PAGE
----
Here’s hoping our shores stay safe because we don’t have the men to defend them. Of all military applicants, 25 percent are declared unfit to serve and rejected because they are overweight or obese. CDC data shows, in 1960, the average American man was 5’8” tall and weighed 166 pounds; by 2004, he was 5’9” tall and weighed-in at 191. The military only accepts candidates who fall into a specific height and weight range. A fighting man’s height is between 5’0” to 6’6” and the Navy’s maximum allowable weight is around BMI 25.5, which translates to 174 pounds at 5’9.” If an applicant exceeds the weight on the chart, then his body fat is measured and the goal is 23 percent or less, a realistic number. I’m not worried because those young guys can get fit fast when they try, and in a Star Wars defense system, unfit sailors can sit at computers. But what about those cute sailor suits? They won’t look nearly so fine.

Your thoughts: Is weight threatening national defense? How ’bout that sailor suit?

Take the Stairs (and Burn 7 Calories)

Upon visiting my apartment, a new friend said, “I would never buy a walk-up. There are too many stairs.”  I don’t share my friend’s opinion. I prefer to be grateful when “forced to be fit.”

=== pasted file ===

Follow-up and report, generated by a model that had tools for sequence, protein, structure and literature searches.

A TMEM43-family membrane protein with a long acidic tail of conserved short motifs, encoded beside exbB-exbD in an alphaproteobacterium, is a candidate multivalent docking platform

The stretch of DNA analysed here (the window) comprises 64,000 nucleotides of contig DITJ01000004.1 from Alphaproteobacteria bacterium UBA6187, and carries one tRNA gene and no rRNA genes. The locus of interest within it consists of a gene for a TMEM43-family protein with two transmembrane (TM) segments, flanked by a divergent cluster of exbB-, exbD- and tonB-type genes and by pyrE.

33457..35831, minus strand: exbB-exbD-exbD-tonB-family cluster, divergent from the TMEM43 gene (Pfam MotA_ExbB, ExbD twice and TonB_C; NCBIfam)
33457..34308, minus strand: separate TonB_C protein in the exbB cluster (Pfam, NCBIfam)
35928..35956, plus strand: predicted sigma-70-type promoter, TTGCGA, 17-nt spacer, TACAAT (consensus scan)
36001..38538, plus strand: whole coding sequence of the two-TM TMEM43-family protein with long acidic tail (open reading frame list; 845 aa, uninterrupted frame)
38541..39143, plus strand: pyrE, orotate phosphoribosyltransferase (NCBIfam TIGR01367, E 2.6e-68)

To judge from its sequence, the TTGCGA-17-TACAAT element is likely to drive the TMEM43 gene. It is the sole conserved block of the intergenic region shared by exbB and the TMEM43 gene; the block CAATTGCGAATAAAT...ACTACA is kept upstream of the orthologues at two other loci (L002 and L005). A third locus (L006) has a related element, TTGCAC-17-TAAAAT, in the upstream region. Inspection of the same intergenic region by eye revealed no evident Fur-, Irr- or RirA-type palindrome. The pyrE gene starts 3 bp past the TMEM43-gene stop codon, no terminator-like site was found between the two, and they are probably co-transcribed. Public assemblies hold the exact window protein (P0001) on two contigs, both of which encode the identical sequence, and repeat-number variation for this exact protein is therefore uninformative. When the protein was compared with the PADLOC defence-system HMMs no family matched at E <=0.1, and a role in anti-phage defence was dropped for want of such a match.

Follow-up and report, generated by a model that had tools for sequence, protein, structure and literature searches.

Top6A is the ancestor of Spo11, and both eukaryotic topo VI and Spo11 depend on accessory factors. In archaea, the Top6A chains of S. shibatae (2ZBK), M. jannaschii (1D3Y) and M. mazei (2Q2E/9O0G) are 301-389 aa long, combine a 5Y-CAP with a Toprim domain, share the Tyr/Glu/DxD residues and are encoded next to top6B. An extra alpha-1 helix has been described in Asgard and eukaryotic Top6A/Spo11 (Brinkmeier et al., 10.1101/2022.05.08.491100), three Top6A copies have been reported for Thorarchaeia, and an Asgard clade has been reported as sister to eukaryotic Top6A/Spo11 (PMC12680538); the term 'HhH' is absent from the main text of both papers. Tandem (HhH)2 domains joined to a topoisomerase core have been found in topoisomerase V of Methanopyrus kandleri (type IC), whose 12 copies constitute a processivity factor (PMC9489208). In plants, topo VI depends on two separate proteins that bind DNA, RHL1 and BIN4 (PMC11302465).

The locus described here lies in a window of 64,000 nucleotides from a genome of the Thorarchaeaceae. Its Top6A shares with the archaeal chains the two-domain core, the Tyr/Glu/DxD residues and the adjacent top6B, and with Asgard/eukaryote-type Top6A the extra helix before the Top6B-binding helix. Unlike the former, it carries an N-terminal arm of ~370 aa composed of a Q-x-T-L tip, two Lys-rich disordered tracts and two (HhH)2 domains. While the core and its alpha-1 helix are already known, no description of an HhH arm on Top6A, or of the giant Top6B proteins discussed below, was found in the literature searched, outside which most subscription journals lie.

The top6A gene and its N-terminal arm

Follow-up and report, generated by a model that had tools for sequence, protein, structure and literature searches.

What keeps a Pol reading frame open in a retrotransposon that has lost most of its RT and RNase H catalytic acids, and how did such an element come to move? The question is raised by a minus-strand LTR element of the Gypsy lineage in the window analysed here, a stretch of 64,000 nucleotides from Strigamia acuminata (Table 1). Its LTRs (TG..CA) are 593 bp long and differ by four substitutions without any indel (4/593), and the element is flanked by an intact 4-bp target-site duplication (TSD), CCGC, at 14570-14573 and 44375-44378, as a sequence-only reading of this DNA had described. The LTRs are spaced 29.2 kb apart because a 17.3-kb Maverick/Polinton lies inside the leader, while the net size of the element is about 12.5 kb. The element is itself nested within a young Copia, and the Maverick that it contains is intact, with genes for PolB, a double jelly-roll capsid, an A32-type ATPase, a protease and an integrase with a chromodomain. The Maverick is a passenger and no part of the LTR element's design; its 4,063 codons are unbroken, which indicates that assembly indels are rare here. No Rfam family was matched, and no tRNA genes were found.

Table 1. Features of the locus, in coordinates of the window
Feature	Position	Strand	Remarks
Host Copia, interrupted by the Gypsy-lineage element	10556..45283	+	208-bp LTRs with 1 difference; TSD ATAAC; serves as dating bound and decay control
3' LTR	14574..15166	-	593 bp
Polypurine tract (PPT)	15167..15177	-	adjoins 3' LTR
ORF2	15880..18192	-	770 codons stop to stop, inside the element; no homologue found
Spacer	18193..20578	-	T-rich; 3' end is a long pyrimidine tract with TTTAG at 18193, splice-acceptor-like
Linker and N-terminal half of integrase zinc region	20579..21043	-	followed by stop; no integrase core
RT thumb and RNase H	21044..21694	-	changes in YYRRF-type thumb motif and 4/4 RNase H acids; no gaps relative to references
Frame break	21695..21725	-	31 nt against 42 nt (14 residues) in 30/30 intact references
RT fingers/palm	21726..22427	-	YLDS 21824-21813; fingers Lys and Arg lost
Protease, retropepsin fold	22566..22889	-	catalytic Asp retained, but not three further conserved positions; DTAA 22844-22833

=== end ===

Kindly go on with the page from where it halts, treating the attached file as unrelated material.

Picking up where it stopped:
My building was erected in 1916.  I live on the third of four floors. From the sidewalk, there are 39 steps to my apartment door. The 39 Steps like the Alfred Hitchcock 1935 film, and The 39 Steps Monsterpiece Theater classic. (Remember Grover?)  And almost like The 40 Steps on the Newport Cliff Walk back at home.

In total, there are 39 stairs, plus 33 walking steps across the lobby and the landings. I climb the 39 steps many time throughout the day to check the mail, throw away the trash, enter the basement, and leave the house in general, plus repeat in forgetfulness. Not to shabby in the stair climbing department, right? Not so fast.

One round of 39 steps takes me half a minute. I timed it. I burn six calories going up and one calorie going down – 7 calories for one round of 39 steps! I found that at Calorie Count. They calculate that I burn 381 calories per hour climbing up stairs. Because I helped the developers, I know those figures are based on The Compendium of Physical Activities, the last word on calories burned in activities, no matter how mundane.

I think most people would have guessed more than seven calories for my steps, but it just goes to show how efficient our bodies are. And so, if I do 10 rounds of steps, I burn 70 calories. That’s the calories in one apple, or ten almonds, or 1½ Oreo cookies, etc. – for 10 rounds. I think most people would have guessed more.